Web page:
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Maria Taylor, Roy Harper, and Cut/Copy

Sound Advice

Something About Knowing

Maria Taylor

Something About Knowing

Saddle Creek Records

File next to: Beth Orton, Azure Ray

Maria Taylor has released five solo albums, but they struggle to reach the impact she's had as one half of the duo Azure Ray. Although Taylor's delicate and aching voice is usually put to the service of melancholy, she's had a baby and married Ryan Dwyer since her 2011 album, Overlook. It's often tougher to develop interesting lyrics to promote connubial bliss, but Taylor rises to the challenge with perhaps her wisest and most riff-infested album to date. She has a habit of producing short and sweet full-length albums, and Something About Knowing is actually on the longer side at 36 minutes. But the brevity is countered by the careful attention paid to songs like "Up All Night" and "Broken Objects." Taylor is one of the South's finest female vocalists, and it's about time her native Birmingham (and the rest of the world) takes notice. — Loring Wirbel

Man and Myth

Roy Harper

Man and Myth

Bella Union

File next to: Richard Thompson, Pink Floyd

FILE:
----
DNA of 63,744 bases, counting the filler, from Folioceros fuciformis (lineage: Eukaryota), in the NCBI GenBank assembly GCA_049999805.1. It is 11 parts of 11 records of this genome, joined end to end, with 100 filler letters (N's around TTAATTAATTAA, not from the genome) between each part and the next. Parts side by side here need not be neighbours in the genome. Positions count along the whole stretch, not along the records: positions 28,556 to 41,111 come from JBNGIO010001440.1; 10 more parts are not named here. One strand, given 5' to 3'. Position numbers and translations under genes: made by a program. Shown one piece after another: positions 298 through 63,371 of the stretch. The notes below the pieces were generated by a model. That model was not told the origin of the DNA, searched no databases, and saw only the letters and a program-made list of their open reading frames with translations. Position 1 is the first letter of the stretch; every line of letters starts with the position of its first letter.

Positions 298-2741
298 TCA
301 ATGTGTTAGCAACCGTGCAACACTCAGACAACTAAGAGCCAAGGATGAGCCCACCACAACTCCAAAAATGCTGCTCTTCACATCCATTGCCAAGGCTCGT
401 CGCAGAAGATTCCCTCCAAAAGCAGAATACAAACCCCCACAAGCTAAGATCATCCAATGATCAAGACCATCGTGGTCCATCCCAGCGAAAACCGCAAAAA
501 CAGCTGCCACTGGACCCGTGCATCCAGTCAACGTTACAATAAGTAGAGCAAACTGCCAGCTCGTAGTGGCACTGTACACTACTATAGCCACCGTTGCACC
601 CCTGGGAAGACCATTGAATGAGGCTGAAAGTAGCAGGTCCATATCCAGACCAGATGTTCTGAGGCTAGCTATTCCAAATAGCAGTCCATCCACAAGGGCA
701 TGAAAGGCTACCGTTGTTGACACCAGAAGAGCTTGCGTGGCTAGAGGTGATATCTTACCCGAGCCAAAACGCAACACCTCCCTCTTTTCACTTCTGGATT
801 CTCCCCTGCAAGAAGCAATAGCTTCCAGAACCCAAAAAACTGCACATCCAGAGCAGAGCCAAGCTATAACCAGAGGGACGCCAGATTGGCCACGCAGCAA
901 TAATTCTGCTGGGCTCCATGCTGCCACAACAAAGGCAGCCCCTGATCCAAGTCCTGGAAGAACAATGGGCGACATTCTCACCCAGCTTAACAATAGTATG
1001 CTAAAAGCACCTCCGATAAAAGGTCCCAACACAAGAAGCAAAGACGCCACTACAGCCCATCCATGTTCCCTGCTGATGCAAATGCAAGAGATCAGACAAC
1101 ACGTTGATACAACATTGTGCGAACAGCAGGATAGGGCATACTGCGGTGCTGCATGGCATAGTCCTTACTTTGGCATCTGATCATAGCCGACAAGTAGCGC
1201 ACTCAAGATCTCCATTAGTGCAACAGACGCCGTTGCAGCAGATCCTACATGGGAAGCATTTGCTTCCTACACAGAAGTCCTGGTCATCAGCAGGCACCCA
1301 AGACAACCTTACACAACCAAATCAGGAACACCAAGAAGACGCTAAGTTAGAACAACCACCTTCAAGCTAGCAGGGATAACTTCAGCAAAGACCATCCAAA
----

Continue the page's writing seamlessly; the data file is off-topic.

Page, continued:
We might not have even realized it, given the spectral presence of Roy Harper in the music business, but the 2010s desperately needed a Roy Harper album. Who better than the genius poet behind Stormcock to rightfully skewer contemporary superficiality, excess and madness? Harper does just that on the indicting rocker "Cloud Cuckooland," whose lyrics cut even more sharply than Pete Townsend's razor-like lead guitar. The quieter moments of Man and Myth are arguably even more powerful. Harper deftly explores themes of time and loss on "January Man" and "Heaven Is Here," where the elegant, acoustic folk arrangements are kissed by luscious strings and horns. Not only are the lyrics impeccable, but the performances are equally impressive; the 72-year-old Harper's voice and acoustic guitar are stronger and more nuanced than those of most younger singer-songwriters. More than myth, Man and Myth is the work of a living legend. — Collin Estes

Free Your Mind


Free Your Mind

Modular/Universal Republic

File next to: Hot Chip, Alt-J, OMD

Based on popularity alone, Australia's Cut/Copy deserves a primary ranking among dance bands that rely in part on traditional rock instruments rather than banks of synthesizers. Free Your Mind uses more MDMA-soaked sounds than 2011's Zonoscope, and several tracks, like "Let Me Show You Love," could be imagined as extended 12-inch dance mixes. Still, the band does not display as much dirty-funk as !!!, nor as much musical complexity as Hot Chip. Part of the problem may be Dan Whitford's thin tenor vocals, which fall somewhere between Thomas Mars of Phoenix and Dave Gahan of Depeche Mode. One could certainly do worse — Deadmau5 or dubstep, for example — but one could also do better. — Loring Wirbel

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